A PhD student originally from High Wycombe took her own life after she was mocked for not being "posh enough", an inquest heard.

Third year doctoral candidate Jessica Small, 26, had been struggling with anxiety and depression for some time before she committed suicide in her own home.

The post-graduate student at University of Kent's School of Anthropology and Conservation struggled with the "toxic" environment in the university laboratory, Maidstone Coroners' Court heard on Tuesday.

In a statement, mum Lesley Small said: "She really had such low self-esteem.

"She was questioning whether she should be doing the PhD.

"She was getting palpitations and having sweats to the point that she was getting panic attacks.

"She told me people in her lab made her life hell, that it was toxic.

"The underlying issue was that Jess had gone through state education and the others had gone through private education.

"She 'wasn't posh enough'. She put a lot of pressure on herself.

"She told me about being mocked for her accent and because she'd never been sailing."

Jess was found dead at her home in Canterbury, Kent, on October 11.

Police investigating Jess' death interviewed her colleagues and found while there had been past problems, these were later resolved.

She had been on antidepressants, and was undergoing cognitive behavioural therapy at the time of her death.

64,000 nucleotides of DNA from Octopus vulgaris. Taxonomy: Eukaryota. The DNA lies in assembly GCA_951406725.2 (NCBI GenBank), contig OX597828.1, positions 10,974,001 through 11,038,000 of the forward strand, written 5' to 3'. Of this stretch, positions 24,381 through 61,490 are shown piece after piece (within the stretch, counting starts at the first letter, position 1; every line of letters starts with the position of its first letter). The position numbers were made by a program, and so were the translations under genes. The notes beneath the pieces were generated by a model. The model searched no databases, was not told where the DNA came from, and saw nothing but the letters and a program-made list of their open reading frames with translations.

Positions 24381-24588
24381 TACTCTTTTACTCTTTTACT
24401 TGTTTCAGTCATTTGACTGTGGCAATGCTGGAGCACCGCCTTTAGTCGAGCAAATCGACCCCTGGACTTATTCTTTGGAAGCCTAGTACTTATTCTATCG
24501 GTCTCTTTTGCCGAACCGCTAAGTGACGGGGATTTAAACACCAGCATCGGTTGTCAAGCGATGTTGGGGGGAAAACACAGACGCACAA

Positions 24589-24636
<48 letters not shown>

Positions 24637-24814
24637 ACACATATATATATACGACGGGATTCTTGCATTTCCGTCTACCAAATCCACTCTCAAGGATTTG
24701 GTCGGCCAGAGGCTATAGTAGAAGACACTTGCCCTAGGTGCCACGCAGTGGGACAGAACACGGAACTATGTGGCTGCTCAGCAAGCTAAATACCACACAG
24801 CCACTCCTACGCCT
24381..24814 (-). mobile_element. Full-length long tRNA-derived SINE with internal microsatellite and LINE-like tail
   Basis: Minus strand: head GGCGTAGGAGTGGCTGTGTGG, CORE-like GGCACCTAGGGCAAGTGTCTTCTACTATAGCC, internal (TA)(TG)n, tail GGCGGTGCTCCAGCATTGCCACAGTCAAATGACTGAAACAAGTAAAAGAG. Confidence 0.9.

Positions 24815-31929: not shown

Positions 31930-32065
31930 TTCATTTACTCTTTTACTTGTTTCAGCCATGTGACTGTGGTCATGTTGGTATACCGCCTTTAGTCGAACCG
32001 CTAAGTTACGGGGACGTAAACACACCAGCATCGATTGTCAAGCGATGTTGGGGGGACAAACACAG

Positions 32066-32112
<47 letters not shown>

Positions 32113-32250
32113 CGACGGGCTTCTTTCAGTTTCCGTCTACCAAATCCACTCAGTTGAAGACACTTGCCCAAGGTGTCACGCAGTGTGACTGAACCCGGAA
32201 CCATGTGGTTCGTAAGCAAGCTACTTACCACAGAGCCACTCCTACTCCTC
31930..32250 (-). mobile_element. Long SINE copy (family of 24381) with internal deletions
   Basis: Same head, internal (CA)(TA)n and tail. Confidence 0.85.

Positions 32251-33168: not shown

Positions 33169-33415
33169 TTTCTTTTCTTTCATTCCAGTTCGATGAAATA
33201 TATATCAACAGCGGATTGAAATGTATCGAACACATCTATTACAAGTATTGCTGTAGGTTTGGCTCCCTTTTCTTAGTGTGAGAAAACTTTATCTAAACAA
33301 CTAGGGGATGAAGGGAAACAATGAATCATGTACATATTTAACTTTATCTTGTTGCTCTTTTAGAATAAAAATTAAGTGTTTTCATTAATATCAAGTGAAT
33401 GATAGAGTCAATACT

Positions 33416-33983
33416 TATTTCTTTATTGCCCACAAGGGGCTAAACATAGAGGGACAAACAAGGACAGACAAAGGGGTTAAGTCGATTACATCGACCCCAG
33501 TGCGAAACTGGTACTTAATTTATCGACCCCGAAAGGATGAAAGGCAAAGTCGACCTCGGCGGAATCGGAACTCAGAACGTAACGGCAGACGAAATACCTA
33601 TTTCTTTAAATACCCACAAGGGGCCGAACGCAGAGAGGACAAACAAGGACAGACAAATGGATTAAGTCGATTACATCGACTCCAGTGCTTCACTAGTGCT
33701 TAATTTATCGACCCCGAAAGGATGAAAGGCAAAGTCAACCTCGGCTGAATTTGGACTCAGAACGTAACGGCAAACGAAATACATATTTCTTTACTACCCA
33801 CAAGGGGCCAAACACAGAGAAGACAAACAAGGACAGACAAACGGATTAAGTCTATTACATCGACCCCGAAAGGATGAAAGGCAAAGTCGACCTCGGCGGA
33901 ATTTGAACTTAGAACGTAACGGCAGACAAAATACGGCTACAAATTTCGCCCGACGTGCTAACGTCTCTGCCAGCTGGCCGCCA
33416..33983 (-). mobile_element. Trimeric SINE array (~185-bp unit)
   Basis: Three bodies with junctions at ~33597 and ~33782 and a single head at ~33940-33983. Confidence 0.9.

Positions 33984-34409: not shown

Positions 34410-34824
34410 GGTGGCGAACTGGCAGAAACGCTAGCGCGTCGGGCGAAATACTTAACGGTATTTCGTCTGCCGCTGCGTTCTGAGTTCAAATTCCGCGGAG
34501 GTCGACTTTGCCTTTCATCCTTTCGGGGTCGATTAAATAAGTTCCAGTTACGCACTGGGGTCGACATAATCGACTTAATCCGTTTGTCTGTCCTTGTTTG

In a statement, her mum added: "I knew she was on antidepressants. If she had any real issues she would tell me.

"Jess had not expressed any suicidal thoughts to me."

A talented student who graduated with first-class honours, along with a Masters from UCL, had received a "very prestigious" vice chancellor's scholarship to fund her PhD studies.

She also taught a number of modules to younger students, and was deemed a "great teacher".

Supervisor Dr Chris Deter said: "I loved working wit her. She was very good with the students, and she made them think."

In April, Dr Deter became concerned after Jess said she needed to take a break to recuperate from depression.

Dr Deter asked her to speak to the university's wellbeing adviser, Stone Fitzgerald, after she missed deadlines.

She failed to attend her next scheduled meeting with Dr Deter on October 8.

Colleagues grew concerned when she failed to turn up for several days, and eventually they contacted Jess' family in High Wycombe.

Her parents rang the police, who broke into her flat and found her dead.

Her body had been there for several days.

Concluding the inquest, Coroner Eileen Sproson said: "Although there wasn't a suicide note, the evidence leads me to conclude that this was a deliberate act.

"For these reasons, I find that Jessica died as a result of suicide."

For confidential support in the UK, call the Samaritans on 116123, email jo@samaritans.org or visit a local Samaritans branch. See samaritans.org for more details.